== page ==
During these offensives which have heavily damaged much of the city’s infrastructure, fishing is often banned altogether.
The siege has blocked access to raw materials and has left most boats lacking the necessary renovations needed to function at full potential.
“It’s madness,” Bakr said. “Pretty much all of the fishermen’s engines are either outdated or damaged.”
Jamal Bakr, another fisherman, said he has been a victim of multiple crimes committed by Israeli forces. In 2010, his boat was taken and never returned.
And in 2012, during one of Israel’s assaults on the Strip, the dock where several fishers’ rooms were was bombarded. Jamal’s room and everything in it burned down in the blink of an eye.
In that room were 30 years’ worth of tools and resources for his family’s small fishing business, his daughter-in-law, Madelyn Culab, told Al-Jazeera.
Culab is the Gaza Strip’s only female fisher. She and her husband Khadr Bakr met at sea before getting married and now work together.
They say they don’t want their children – Sandy, Safinaz, and Jamal – to rely on fishing for a living because “it means poverty, deprivation and extreme risk,” Bakr told Al-Jazeera last year.
The family fell victim to Israel’s crimes several times, most notably back in 2016, when their boat, engine and net were seized.
“Until this day, we haven’t seen any sort of compensation for the boat, the engine, or the net – which was brand new,” Culab said. “No one cares about us, or thinks of us.”
After losing their source of living, they were forced to stop working for “quite some time”. Eventually, they applied for a $15,000 loan that they have used to buy a new boat and engine – forced to take on the debt to be able to feed the 20 family members they’re responsible for.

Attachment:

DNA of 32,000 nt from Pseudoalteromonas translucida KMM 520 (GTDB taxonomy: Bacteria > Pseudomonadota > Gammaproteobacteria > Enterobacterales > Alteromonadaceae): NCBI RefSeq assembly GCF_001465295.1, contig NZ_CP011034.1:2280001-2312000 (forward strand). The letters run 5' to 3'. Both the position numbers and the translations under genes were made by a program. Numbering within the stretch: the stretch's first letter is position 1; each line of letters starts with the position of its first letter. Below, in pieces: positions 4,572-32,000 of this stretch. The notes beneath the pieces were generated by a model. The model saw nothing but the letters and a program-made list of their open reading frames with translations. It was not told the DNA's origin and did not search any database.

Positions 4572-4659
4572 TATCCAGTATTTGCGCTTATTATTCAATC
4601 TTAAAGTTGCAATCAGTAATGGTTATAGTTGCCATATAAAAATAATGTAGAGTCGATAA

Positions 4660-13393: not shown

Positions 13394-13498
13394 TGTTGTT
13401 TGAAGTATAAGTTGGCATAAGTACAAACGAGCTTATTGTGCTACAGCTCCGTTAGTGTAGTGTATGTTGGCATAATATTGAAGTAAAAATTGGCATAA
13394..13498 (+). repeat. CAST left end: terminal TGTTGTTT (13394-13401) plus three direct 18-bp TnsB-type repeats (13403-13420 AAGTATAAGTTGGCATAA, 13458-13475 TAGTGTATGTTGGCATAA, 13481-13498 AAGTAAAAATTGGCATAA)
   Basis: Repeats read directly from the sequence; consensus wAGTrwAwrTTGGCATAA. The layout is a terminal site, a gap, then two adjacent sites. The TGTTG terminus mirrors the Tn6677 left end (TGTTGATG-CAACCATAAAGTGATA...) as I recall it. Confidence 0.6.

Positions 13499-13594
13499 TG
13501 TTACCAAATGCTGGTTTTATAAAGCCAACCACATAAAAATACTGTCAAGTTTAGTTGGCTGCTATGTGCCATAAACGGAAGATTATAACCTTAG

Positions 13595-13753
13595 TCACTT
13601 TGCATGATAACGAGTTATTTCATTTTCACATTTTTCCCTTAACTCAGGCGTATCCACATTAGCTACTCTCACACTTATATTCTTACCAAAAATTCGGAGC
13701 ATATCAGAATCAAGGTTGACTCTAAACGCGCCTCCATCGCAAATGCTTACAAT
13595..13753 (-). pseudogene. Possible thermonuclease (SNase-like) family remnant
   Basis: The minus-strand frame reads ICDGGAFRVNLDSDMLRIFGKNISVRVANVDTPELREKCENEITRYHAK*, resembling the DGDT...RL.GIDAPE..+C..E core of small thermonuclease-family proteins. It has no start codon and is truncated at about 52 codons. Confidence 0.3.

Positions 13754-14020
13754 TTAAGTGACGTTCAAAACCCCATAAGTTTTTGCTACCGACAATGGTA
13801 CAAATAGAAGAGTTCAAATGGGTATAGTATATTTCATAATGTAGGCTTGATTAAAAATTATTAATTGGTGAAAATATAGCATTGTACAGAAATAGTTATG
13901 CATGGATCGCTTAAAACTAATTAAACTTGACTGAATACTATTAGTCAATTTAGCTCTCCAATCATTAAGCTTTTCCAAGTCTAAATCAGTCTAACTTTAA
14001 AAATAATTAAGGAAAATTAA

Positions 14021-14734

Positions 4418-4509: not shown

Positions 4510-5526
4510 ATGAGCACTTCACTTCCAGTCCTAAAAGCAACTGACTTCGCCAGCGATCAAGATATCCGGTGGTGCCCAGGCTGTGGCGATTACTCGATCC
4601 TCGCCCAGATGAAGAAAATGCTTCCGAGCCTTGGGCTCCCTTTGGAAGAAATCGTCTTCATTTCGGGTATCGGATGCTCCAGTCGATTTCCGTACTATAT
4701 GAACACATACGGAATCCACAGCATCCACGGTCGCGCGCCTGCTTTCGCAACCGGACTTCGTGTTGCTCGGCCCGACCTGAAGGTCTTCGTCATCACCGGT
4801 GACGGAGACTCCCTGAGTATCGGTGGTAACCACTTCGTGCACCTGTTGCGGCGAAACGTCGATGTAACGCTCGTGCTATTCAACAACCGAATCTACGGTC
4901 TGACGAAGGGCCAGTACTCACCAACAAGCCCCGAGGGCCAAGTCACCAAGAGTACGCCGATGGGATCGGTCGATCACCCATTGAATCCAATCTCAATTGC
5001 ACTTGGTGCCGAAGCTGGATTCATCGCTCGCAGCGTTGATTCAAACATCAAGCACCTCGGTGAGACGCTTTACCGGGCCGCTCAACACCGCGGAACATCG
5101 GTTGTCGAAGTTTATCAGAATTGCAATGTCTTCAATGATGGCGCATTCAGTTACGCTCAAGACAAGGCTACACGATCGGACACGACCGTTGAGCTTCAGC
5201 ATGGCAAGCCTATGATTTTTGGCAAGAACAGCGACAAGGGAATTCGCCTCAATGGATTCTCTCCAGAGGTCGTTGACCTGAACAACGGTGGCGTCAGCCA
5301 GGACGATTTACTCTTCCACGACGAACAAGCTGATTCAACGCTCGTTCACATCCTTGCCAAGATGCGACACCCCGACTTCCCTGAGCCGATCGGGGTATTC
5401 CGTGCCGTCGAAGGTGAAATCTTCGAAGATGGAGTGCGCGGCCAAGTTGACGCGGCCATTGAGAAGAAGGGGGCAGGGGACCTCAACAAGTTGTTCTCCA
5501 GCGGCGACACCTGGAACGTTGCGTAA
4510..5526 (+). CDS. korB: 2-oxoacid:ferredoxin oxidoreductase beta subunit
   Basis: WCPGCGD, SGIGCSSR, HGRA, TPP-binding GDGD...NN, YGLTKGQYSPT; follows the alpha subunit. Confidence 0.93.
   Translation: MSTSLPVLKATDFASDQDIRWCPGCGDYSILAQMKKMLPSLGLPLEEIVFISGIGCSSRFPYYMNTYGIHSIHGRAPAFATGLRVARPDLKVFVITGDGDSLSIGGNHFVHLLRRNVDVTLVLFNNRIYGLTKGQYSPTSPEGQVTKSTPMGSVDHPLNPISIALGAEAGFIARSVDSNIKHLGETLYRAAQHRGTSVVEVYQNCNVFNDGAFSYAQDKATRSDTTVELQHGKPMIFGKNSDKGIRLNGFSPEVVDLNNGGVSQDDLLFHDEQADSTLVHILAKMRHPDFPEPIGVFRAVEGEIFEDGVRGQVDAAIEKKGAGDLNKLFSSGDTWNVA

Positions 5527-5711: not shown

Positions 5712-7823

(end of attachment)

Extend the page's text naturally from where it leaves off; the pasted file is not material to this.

“Since 2016, we’ve been struggling to pay it off. Our whole life has become about how we’re going to pay off the debt and its mounting interest,” Culab said.
“We had to adjust to living with the bare minimum, and the hardest part was to teach our children to live with as little as possible, too,” she said.
Culab had previously told Al-Jazeera that she would have liked to open up a small seafood restaurant where she could secure a living for her family through something other than fishing.
But many of Gaza’s fisherfolk simply do not have any other sources of income, making them particularly vulnerable to restrictions by Israel.
An added stress factor has been the political situation in Gaza, which is controlled by Hamas, a group that has long been at loggerheads with Fatah, headed by the Palestinian Authority in the occupied West Bank.
The fragmentation has caused the further alienation of Gaza’s most vulnerable, Bakr said.
Only an end to the political fragmentation could allow the fishermen’s union to try Israel for its crimes in international courts, and demand financial compensation for damages it has inflicted, Bakr said.
“It’s our right as a population to benefit from the economic area at our disposal,” he said.
Culab also called for international protection as well as financial compensation for damages that likely exceed tens of millions of dollars.
The time has come to end the blockade, she added, and press for the entry of fishing equipment, in addition to holding Israel accountable for the crimes committed against Palestinian fisherfolk.
Abdelhakim Abu Riash is a Gaza-based photographer